Sony Centre for the Performing Arts, Toronto
The ticket said 8pm sharp and sure enough, at 7:58 the house lights went out and the theme music from Bonanza rang out, followed by the voice of Paul Jones “of the British Broadcasting Corporation” ushering Joe and his band onstage.
The band rip into “King Bee Shakedown”, the first of several songs from Joe’s new album “Redemption”. It’s the only song on which Joe plays a Strat, and his finger picking is something to behold live and (fairly) up close. The sound is possibly the best I’ve ever heard live; there are Joe and 7 others on stage and everyone / everything is crystal clear. There’s no pause before Anton Fig swings into the drum intro to “Evil Mama” – a total steal from the opening to Led Zep’s “Rock n Roll”.
Joe has assembled a tight, heavy hitting band. Alongside Fig (longtime drummer in David Letterman’s Tonight Show house band), ex SRV & Double Trouble member Reese Wynans plays keyboards whilst Michael Rhodes (who has played with everyone from Dolly Parton and Elton John through to Buddy Guy and Brian Wilson) provides the bottom end and a distinctly ghoulish aura. Swing and polish are provided by Paulie Cerra on sax, Lee Thornburg on trumpet plus Jade MacRae and Mahalia Barnes on vocal and syncopated dance steps.
“Just Cos You Can” sees Joe take his first extended solo and it’s clear that’s what the crowd have come for. “Self Inflicted Wounds” from “Redemption” follows and as enjoyable as it is, I find myself hoping Joe will set aside some of the swing and sparkle and dip into his back catalogue for something harder. And as luck would have it, for the second half of the show, that’s pretty much what he does, starting with a sublime “Slow Train” from the “Dust Bowl” album, allowing Joe to stretch out a little alongside some stunning vocals from MacRae and Barnes as well as Cerra. The Flying V is broken out for “Boogie With Stu” before we get the full power trio treatment on “How Many More Times” which morphs into Free’s “The Hunter” before switching back again to close the set with a sonic flourish.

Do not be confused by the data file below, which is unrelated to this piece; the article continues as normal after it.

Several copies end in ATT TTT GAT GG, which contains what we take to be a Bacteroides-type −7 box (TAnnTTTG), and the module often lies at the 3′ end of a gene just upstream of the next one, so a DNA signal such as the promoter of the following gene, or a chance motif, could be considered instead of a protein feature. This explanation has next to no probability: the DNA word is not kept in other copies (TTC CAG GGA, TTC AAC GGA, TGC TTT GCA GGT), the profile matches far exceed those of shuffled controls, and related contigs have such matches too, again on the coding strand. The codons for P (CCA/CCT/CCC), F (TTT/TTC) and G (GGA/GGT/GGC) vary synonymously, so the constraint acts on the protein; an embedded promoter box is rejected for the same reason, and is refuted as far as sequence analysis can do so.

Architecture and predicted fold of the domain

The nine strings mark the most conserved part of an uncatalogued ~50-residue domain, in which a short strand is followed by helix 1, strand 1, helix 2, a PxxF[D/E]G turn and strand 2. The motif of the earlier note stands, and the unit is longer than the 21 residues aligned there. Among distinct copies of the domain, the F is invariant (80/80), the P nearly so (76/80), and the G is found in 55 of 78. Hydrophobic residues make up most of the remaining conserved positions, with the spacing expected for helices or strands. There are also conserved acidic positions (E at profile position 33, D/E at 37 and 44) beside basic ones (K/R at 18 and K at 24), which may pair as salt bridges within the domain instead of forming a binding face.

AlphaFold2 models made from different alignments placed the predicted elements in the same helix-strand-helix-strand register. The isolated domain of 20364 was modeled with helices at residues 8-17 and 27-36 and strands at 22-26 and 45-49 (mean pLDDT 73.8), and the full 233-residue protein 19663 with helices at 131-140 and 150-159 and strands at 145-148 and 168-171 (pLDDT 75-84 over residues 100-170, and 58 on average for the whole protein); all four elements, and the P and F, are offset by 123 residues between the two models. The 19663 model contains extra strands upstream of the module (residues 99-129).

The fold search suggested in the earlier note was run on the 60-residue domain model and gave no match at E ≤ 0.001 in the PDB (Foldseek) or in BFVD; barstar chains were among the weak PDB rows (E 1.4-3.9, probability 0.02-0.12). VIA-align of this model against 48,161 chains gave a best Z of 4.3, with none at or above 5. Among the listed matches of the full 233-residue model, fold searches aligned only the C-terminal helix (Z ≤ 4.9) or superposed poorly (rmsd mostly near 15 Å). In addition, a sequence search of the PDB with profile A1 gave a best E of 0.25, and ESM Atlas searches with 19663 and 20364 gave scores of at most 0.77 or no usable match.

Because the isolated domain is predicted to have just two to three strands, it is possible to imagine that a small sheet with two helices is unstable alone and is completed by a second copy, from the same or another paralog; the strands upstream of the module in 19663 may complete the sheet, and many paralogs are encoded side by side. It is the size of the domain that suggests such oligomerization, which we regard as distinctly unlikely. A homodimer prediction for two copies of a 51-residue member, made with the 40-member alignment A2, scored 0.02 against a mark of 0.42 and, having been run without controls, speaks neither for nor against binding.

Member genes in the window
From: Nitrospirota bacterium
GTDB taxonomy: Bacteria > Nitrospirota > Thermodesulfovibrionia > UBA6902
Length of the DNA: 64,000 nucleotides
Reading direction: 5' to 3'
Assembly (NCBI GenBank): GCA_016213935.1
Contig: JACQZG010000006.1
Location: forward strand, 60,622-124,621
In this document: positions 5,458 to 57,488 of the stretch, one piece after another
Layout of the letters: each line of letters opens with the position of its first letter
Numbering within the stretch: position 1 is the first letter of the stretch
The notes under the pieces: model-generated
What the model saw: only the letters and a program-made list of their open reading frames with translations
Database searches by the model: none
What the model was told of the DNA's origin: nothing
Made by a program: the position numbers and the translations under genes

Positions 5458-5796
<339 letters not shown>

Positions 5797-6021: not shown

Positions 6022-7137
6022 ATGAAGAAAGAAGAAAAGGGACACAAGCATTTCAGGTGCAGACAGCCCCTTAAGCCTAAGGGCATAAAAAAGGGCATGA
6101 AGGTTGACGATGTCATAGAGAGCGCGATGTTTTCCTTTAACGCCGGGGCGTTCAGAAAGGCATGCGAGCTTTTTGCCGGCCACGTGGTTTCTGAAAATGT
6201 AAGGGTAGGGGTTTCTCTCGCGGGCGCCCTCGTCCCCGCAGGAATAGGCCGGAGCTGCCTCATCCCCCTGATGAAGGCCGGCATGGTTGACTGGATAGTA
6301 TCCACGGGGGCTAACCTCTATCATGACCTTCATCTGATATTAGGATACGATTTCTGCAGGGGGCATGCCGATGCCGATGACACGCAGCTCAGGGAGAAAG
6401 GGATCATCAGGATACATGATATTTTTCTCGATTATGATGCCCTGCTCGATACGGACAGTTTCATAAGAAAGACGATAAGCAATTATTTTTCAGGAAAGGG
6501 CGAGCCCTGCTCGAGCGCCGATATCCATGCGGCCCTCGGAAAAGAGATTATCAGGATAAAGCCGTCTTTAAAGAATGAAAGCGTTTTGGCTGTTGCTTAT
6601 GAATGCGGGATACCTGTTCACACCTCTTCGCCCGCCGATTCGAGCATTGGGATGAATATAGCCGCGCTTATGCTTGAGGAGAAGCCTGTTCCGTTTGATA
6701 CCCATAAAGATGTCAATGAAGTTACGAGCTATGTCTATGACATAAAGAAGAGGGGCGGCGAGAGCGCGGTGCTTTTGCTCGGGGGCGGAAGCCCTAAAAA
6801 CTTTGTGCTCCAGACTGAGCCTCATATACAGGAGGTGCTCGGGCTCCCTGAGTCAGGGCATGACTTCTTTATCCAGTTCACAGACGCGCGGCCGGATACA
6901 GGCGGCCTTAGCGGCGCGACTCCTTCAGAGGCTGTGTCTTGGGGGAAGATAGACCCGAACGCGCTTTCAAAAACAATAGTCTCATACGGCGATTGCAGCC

Returning for the encore Joe jokes that he spent the whole 2 minute break pondering (a) who would play him in his own biopic (Jeff Bridges – although I think Woody Harrelson is more a lookalike) and (b) imagining the crowd were hoping “he would just play something they fucking knew”. Which led us to “Sloe Gin” – rather than “Mainline Florida” as I had hoped.
In a perfect world there would have been a bit more from the “Blues Deluxe” era but given what he packed into a 2 hour set, it was a first class JB showcase.
Mostly old farts like me, but not exclusively. Not 100% sold out but pretty close, and this was the second night.
It made me think..
All gigs should be like this. Prompt start at 8pm, pin sharp sound and a crowd happy to watch and listen.